Sociologist Dirk Baecker teaches Cultural Theory and Analysis at Zeppelin University Friedrichshafen. After having worked in the areas of Economic Sociology, Organizational Research, and Cultural Theory, he now explores the field of Neurosociology. He works on the thesis that a theory of the neuronal system under the condition of a plural of brains is possible only if one places, in line with Immanuel Kant, unconditionality of categorical subjects, hypothetical sets, and disjunct systems as the basic social feature of the brain.

7 pm, dialogue 2: networks and assemblies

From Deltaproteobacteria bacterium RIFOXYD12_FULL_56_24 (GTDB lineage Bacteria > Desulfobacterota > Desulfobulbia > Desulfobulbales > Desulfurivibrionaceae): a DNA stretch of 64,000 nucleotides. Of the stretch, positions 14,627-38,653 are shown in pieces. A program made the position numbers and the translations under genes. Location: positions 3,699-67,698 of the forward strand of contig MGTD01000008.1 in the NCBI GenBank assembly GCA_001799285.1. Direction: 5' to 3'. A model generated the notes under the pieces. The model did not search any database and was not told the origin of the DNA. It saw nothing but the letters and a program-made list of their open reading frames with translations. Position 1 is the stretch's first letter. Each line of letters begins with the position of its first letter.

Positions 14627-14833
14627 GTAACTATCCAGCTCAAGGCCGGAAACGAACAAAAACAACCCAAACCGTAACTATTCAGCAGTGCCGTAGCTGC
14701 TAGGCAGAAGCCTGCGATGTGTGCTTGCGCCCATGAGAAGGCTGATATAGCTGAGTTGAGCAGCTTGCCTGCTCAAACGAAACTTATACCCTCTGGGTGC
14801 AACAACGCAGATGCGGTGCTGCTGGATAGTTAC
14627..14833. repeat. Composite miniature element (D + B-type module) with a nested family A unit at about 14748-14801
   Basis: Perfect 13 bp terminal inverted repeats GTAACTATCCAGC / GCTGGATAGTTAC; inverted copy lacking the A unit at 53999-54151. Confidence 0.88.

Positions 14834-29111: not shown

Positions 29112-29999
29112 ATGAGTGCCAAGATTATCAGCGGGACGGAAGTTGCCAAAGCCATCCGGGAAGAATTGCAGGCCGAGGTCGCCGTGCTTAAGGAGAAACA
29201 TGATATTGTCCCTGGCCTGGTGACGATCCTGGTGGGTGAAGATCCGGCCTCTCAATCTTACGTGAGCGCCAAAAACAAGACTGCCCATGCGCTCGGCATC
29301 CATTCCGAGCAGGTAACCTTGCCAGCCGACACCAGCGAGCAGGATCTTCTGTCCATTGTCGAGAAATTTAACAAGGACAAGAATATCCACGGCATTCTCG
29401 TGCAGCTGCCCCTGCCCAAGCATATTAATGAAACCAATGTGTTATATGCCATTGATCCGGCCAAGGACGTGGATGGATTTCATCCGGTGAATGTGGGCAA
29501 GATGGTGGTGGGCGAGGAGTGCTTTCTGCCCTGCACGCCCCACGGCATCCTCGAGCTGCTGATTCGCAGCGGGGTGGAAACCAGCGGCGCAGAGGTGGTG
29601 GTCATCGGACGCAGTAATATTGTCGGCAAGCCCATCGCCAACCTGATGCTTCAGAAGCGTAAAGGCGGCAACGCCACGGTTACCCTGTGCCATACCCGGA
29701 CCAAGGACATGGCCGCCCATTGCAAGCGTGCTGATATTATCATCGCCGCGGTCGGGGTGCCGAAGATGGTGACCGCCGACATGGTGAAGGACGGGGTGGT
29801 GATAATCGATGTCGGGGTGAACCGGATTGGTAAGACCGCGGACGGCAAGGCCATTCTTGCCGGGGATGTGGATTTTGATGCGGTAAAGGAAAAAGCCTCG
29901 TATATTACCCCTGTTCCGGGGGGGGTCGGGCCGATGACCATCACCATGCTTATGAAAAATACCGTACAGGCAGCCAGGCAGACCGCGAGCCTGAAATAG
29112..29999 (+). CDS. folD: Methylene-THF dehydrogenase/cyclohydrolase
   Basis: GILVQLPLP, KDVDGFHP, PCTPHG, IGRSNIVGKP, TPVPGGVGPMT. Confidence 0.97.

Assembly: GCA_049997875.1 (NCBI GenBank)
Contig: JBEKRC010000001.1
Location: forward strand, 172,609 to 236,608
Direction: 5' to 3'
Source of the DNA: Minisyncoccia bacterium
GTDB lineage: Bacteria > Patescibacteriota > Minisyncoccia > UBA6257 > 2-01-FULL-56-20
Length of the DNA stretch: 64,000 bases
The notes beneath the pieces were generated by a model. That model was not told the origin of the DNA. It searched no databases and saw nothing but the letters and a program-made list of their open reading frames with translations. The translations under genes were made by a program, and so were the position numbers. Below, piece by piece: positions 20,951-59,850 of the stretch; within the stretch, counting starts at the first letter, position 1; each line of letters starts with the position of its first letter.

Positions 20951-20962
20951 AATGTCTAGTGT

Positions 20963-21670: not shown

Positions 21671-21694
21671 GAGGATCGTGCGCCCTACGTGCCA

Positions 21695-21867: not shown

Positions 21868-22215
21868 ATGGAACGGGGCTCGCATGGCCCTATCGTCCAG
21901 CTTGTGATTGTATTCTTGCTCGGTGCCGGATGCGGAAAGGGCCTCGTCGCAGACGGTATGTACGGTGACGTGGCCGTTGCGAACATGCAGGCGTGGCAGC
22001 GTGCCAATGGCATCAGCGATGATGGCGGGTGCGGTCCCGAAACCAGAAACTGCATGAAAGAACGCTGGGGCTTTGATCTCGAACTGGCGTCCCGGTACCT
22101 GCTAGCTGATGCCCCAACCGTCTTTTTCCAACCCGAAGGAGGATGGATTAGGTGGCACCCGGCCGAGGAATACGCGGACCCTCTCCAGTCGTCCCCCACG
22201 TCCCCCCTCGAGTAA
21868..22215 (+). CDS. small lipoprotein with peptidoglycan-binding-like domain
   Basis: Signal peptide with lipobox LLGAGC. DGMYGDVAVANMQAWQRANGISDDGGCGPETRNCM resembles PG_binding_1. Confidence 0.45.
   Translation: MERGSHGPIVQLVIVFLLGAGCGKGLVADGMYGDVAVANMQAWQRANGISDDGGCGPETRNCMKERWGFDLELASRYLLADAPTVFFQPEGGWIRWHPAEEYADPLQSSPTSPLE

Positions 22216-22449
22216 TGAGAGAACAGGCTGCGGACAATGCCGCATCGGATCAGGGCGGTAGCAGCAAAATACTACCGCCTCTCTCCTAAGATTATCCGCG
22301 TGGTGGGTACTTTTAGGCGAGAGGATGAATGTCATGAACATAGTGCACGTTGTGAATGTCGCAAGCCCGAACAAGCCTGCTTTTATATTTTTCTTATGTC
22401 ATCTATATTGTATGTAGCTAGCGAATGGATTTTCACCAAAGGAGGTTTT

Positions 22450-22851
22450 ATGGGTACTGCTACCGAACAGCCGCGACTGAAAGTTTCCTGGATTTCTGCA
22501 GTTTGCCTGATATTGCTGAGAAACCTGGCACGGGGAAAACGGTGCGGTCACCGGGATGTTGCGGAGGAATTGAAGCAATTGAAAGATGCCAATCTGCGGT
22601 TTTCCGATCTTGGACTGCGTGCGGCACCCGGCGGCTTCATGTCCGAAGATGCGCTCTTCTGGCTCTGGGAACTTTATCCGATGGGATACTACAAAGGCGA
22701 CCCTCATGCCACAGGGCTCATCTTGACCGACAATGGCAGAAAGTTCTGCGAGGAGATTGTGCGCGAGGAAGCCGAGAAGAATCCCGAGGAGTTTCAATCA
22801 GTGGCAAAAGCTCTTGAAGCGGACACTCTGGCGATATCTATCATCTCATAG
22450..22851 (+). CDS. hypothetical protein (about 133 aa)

Arvind Kumar seeks to understand how the brain represents and processes information and causes that lead to brain diseases. The tools he uses in his work are, however, not scalpel and microscope but mathematical equations and high-performance computers. Before dedicating himself to brain research, Kumar studied electrical engineering, and it is from this background that his particular approach stems: He looks at the brain as a dynamical system whose many adjustable components decide whether this system functions faultlessly or loses its balance through the smallest changes. Kumar synthesizes experimental data to reconstruct individual brain areas in a computer simulation, on the basis of which he can examine the characteristics of nerve cells and networks interactions to unveil mechanisms underlying brain function and dysfunction.